as it is now, I run with my drive fully down, as I cant tell much difference by trimming it up, and I cant really tell where the drive is at anyway.... except when I know its fully down.

                  on other boats Ive had WITHOUT trim tabs, in a FOLLOWING SEA, a hydro foil on the trimmed up outdrive allows for easier control of the boat, and is a lot safer as it helps to prevent the bow from digging into the trough.... I dont see why it wouldnt be the same with a boat equipped with tabs, as long as the tabs are FULLY retracted, and using the the trim of the outdrive to help with keeping the bow up and preventing a broach...


                  NU LIBERTE'
                  Salem, OR

                  1989 Bayliner 2556 Convertible
                  5.7 OMC Cobra - 15.5x11 prop
                  N2K equipped throughout..
                  2014 Ram 3500 crew cab, 6.7 Cummins
                  2007 M-3705 SLC weekend warrior, 5th wheel
                  '04 Polaris Sportsman 700 -- '05 Polaris Sportsman 500 HO
                  Heavy Equipment Repair and Specialty Welding

                  Comment


                    #39
                    Originally posted by Centerline2 View Post

                    all boats will be a bit different depending on how they are set up and with what engine, outdrive and prop.... AND how well the boat is balanced and trimmed with how much load they carry... but around 2mpg is about normal when set up right... even when set up perfectly, the actual speed at one runs makes a huge difference in mpg.

                    my 2556 is considered to be heavily loaded, and when I had a 13p prop on my Cobra outdrive behind a stock 5.7, i was getting about 1.2mpg when on plane, no matter the speed.... but I was over propped and could only make 4200rpm and was running about 20-21mph...... but then at about 1000rpm/5-6mph, the meter would show a steady 5.5mpg....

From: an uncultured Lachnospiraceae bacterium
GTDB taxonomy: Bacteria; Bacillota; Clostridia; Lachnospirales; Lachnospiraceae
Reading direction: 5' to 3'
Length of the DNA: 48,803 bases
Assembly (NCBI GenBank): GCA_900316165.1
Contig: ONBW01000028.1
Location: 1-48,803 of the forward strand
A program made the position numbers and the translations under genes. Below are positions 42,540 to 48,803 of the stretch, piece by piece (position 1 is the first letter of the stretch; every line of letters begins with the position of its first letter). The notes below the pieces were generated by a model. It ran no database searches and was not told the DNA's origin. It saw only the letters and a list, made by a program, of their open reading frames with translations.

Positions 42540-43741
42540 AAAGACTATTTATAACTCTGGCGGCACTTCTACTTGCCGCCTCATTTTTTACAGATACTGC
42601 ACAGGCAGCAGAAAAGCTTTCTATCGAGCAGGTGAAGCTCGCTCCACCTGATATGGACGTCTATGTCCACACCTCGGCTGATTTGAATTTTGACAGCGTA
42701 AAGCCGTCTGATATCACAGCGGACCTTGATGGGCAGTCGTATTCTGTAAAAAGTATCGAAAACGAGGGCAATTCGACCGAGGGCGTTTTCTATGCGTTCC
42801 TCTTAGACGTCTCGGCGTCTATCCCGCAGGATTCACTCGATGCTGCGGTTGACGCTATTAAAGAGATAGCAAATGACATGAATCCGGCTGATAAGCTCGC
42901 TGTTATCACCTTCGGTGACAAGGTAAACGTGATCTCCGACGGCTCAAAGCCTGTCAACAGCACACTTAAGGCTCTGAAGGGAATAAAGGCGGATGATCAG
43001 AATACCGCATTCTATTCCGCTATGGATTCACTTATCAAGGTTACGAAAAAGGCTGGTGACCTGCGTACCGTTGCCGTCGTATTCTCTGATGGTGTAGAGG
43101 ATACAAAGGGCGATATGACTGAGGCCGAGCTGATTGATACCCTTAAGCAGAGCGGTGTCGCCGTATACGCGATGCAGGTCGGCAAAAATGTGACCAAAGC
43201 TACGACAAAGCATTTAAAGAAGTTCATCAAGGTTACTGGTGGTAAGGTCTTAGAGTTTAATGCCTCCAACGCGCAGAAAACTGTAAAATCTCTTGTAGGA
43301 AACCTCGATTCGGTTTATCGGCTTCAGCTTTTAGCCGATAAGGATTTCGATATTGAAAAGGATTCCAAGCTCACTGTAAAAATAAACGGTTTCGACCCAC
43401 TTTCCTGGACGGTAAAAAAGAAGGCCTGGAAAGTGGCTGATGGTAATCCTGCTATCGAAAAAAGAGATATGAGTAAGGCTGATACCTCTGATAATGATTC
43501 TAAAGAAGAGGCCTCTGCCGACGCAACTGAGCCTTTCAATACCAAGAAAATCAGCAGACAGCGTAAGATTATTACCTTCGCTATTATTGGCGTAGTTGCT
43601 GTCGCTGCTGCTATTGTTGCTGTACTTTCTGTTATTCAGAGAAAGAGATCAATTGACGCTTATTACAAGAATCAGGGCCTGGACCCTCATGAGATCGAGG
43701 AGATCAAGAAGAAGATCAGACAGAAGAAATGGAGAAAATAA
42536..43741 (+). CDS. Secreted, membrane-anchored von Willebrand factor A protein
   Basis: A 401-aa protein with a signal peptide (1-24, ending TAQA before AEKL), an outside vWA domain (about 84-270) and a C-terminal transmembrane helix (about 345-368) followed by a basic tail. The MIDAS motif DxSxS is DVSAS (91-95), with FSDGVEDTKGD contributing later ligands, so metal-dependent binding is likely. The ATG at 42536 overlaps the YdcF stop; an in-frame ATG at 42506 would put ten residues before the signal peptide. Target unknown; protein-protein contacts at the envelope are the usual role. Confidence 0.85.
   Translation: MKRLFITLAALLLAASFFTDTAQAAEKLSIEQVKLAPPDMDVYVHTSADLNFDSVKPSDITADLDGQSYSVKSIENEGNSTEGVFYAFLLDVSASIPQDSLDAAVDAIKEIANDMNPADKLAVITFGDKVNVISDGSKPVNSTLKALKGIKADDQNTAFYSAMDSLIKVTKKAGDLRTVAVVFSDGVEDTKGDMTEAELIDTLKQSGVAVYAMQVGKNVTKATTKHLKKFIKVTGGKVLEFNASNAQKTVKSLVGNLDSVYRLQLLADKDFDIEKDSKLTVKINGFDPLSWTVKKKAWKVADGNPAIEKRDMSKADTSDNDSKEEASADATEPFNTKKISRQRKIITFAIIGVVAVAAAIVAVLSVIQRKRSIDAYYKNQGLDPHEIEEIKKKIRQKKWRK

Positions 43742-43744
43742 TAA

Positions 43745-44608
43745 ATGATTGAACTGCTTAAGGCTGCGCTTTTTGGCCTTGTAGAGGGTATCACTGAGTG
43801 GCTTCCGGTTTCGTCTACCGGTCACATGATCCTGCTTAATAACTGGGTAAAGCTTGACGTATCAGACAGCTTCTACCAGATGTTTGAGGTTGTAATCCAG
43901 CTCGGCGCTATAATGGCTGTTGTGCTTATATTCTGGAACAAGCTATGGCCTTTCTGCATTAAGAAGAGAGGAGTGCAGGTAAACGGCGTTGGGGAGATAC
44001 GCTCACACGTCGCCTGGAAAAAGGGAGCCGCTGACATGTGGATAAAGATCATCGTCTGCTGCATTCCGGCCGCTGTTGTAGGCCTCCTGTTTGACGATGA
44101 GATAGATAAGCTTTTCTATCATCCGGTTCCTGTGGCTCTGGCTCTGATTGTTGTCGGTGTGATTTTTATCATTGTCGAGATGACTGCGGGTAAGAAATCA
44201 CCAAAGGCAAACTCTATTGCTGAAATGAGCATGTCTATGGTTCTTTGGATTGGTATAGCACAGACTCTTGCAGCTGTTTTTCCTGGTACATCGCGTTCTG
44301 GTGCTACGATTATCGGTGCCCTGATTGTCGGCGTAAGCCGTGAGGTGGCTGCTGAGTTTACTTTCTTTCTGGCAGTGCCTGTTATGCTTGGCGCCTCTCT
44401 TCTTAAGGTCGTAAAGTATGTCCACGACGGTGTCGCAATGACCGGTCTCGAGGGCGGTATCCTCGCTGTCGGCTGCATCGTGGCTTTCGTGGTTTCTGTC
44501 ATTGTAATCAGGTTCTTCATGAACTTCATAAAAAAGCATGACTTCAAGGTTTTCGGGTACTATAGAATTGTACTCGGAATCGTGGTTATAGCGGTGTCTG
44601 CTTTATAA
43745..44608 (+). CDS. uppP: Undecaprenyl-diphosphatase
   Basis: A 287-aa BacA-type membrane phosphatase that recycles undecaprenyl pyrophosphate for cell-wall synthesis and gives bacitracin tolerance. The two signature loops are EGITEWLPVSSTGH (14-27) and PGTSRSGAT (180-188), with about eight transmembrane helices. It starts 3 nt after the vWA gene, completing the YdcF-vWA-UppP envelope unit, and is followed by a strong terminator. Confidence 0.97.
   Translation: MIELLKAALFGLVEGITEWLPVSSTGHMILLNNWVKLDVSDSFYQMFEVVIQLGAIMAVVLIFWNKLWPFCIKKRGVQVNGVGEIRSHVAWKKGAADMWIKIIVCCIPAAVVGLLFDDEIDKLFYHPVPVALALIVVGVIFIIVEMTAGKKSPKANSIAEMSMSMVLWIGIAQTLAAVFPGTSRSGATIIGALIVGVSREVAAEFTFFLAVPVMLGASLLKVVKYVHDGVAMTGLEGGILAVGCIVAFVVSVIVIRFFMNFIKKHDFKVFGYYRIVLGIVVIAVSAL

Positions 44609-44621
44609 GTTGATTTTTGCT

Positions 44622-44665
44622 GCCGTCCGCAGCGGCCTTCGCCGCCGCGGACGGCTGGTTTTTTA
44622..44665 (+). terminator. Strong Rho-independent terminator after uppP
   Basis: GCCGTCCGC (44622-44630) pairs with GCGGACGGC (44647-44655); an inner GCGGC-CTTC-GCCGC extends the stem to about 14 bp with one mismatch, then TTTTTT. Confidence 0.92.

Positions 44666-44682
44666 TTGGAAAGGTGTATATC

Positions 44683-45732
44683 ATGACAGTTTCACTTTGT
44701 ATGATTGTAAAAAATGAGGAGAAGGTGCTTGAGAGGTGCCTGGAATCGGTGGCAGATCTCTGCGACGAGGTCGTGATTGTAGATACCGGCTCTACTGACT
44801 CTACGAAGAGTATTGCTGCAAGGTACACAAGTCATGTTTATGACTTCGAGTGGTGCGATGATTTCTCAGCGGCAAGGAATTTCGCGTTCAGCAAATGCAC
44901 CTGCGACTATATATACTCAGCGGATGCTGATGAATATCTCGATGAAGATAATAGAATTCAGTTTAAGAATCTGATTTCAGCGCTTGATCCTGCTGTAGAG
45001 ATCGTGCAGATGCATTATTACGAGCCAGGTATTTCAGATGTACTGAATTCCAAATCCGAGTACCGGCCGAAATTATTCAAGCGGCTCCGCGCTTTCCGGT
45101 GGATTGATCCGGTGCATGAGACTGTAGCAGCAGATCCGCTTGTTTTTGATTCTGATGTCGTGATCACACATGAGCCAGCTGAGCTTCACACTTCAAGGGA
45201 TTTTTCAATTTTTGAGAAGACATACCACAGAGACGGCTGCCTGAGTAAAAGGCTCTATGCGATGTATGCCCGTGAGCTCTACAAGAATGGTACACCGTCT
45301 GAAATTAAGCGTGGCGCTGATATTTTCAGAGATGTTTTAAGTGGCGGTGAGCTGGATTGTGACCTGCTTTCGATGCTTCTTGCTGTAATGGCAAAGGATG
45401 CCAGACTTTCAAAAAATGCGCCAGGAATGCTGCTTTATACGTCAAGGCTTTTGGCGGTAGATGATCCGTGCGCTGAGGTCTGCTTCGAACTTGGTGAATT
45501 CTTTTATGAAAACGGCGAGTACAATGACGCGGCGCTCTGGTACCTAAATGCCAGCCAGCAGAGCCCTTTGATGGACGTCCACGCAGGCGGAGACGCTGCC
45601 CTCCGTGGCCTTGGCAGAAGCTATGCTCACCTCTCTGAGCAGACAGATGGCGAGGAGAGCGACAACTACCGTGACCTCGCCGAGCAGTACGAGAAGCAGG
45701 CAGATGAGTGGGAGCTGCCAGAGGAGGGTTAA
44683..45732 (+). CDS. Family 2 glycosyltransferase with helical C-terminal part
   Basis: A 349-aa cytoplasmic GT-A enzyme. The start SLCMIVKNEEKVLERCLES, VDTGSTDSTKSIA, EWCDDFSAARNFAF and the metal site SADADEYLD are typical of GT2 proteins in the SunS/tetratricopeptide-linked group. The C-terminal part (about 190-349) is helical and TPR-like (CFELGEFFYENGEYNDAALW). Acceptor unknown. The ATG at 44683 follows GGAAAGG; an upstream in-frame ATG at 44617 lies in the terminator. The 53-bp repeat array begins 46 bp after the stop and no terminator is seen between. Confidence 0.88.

this past weekend was the first time Ive been out since changing to a 11P PROP.... now I can make 24.5 mph @ 4500rpm, and the meter shows 2.3mpg at 3500 to 4000rpm... I didnt check it at wot, or at lower speeds, but its nearly twice as efficient with the right prop on it for the gearing it has...., of which im not exactly sure of because the outdrive has been changed at some time in the past.

                    I think I have a higher geared outdrive than comes stock behind a 5.7, and that is why my prop is only an 11P (or maybe its because im loaded so heavy).... i think a 10P would give the extra 1500rpm I would like to be able to make..

                    but with all this said, I can STILL find an operating speed where my fuel burn rate is less than a mile per gallon.... which is why its nice to have the meters/gauges to show you instantly where the sweet spots are in the operating range....

                    if you can get 2mpg at 3500-4000 rpm, which is cruise speed, you are close to as good as it gets...
                    Hello!
                    Take in their ranks the owners Bayliner 2556!
                    I have 1989 Bayliner 2560 (2556) Convertible OMC Cobra 5,7L.
                    Question: 24.5 mph @ 4500rpm - that is, the boat was accelerated to 39,42 kph?

                    Sorry for the clarity of the translation into English

                    Comment


                      #40
                      Originally posted by Maxim_23 View Post

                      Hello!
                      Take in their ranks the owners Bayliner 2556!
                      I have 1989 Bayliner 2560 (2556) Convertible OMC Cobra 5,7L.

                      Question: 24.5 mph @ 4500rpm - that is, the boat was accelerated to 39,42 kph?
                      the conversion you have listed is correct... if that is the question.

                      4500rpm was all I could turn with the 11p prop, loaded as I was at the time.